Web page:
It will be seen from the above-described function that the support wedge member must at any event be provided in the region of the outside edge of the sole, where it extends into the region of the shank portion of the sole. As in the rolling movement the foot experiences a torsional effect between the forefoot and the rear foot, about an axis extending in the longitudinal direction of the foot, then in the region of the shank portion of the sole contact with the ground in the region of the inner edge of the sole also occurs comparatively early. For that reason it is desirable for the support wedge member also to be provided in the region of the inner edge of the sole. In order to keep deformation of the wedge member within the desired low limits, it is desirable for the wedge member to be designed to extend continuously into the shank portion of the sole, in which connection it is possible to envisage the provision of a recess which is of a closed boundary configuration, between the edges of the sole, for reasons of weight.
In accordance with an advantageous embodiment, it is provided that the front sole which comprises hard plastic material, for example polyamide, is extended rearwardy beyond the underside of the wedge member, and thus covers over the wedge member. As the material of the front sole is in practice not pressure-deformable but is flexurally elastic, the extension of the sole does not provide any significant stiffening effect because due to the pressure-deformability that the wedge member still enjoys, the sole can flex at least to the same extent. That applies in particular when--as mentioned above--the wedge is provided only along the outer and inner edges of the sole, for reasons of weight, so that the extension portion of the front sole is of a corresponding fork-shaped configuration, or when a weight-saving recess is provided in the wedge member and correspondingly also in the front sole extension portion.
In accordance with a further advantageous configuration the outer edge of the front sole is extended upwardly over the upper portion of the shoe to provide a support cup arrangement, in the region between the outer ball of the foot and the shank portion. As described in the opening part of this specification, extending the outer edge of the sole upwardly in that way is in principle admittedy already known, but in the region of the outside ball portion. In the case of the running shoe according to the invention, the support cup formed by the upwardly extended edge of the sole is disposed behind the outside ball region, in order thereby to restore the foot to the correct initial position for the rolling movement thereof, in the same manner as described hereinbefore in connection with the support wedge member.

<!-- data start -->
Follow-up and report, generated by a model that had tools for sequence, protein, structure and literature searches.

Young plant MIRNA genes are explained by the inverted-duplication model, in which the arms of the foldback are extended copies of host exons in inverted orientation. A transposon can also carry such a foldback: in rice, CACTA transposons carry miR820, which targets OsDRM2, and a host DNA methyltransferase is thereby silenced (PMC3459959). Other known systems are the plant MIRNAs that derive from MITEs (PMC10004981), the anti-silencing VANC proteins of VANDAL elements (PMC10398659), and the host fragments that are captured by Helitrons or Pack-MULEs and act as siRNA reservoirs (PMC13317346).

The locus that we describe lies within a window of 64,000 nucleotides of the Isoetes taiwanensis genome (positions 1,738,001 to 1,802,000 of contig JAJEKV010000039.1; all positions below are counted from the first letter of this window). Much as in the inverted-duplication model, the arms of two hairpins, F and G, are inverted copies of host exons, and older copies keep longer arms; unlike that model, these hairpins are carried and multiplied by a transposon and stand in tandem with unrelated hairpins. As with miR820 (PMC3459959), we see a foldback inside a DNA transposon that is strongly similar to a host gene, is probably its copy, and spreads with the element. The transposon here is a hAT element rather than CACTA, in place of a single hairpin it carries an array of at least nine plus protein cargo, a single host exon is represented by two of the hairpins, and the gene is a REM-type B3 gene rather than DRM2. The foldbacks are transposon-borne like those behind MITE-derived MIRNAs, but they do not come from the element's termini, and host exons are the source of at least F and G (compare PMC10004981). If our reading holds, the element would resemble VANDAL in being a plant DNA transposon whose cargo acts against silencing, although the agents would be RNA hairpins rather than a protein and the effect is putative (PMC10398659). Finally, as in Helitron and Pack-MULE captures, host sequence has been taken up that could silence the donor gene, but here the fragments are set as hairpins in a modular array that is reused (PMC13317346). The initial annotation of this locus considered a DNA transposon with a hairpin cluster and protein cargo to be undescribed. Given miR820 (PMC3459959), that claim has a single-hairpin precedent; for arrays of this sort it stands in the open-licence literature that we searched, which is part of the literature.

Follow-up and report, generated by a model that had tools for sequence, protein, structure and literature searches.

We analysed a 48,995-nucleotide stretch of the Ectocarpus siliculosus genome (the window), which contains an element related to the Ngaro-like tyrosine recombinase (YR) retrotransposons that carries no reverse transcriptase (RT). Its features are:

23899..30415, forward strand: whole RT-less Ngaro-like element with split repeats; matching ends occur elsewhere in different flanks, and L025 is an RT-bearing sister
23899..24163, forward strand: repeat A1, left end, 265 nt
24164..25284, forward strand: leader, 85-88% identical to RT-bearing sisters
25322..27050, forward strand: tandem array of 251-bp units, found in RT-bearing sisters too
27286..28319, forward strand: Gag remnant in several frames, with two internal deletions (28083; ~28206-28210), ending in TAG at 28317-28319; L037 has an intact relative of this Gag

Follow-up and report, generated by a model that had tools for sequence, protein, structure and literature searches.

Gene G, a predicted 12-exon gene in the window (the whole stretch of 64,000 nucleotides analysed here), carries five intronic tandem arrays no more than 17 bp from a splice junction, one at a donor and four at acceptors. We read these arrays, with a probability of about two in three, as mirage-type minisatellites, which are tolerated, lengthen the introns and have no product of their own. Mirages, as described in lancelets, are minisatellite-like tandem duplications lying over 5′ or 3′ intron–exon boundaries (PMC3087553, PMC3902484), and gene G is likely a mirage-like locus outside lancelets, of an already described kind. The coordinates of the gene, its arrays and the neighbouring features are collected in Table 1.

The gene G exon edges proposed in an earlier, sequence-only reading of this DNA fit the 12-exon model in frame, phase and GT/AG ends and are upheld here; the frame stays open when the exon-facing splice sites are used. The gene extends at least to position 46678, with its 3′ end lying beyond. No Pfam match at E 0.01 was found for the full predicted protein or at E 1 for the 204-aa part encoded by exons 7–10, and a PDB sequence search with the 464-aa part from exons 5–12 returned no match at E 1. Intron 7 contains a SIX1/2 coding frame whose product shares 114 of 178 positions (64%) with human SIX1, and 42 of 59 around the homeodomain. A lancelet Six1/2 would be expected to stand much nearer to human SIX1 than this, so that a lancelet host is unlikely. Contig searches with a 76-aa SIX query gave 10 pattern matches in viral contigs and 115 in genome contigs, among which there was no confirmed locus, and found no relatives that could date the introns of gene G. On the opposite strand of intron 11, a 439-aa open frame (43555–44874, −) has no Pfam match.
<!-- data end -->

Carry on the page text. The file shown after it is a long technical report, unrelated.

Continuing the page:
Other advantageous constructions are set forth in further subsidiary claims.
An embodiment of the invention is described in greater detail hereinafter with reference to the accompanying drawings in which:
FIG. 1 is a side view of a running shoe according to the invention,
FIG. 2 is a view from below of the running shoe shown in FIG. 1.
FIG. 3 is a side view of an alternative embodiment of a running shoe of the present invention, and
FIG. 4 is a view taken from below the running shoe shown in FIG. 3.
The running shoe shown in the drawing has a front sole 1 to which gripping elements 2 are non-releasably or interchangeably secured. The front sole 1 comprises a relatively hard material, for example polyamide which is set to a hard condition, and which is practically not deformable by pressure and which can carry the forces transmitted by the gripping elements 2 when the person wearing the shoe is running. For that purpose the front sole 1 is of a thickness of between 1 and 2 mm.
As shown in FIG. 1, the front sole 1 is of a slightly cupped configuration, that is to say it is extended upwardly by a few millimeters on the outward side of the upper portion 3 of the shoe, from the tip of the shoe to the region of the ball of the foot (which is indicated by I). On the other hand, beginning from the outside ball region I and extending into the shank portion II of the sole, the front sole 1 is extended upwardly to provide a support cup 4 which is approximately triangular in side view and which extends upwardly by about 1.5 to 2 cm on the outside of the upper portion 3 of the shoe. In comparison with the conventional running shoes in which the front sole terminates directly behind the rearmost gripping elements, in the illustrated shoe the front sole 1 is extended into the shank region II and thus covers over a support wedge member 5 which is fixed to the underside of a (partial) insole (not shown). The wedge member 5 comprises a foam material which is relatively hard but elastically pressure-deformable, for example polyurethane. The material of the support wedge member 5 is at least of a hardness of 40 Shore A, preferably 45-50 Shore A, and reaches 70 Shore A. The support wedge member 5 is of such a configuration that it is about 13 to 14 mm in thickness, beginning at the end of the outside ball region I, in the shank region II. That provides that in the shoe the foot is in a certain stretched position from the outset; when the front sole is put flat on to the track, that stretched position of the foot prevents the heel from making contact with the track.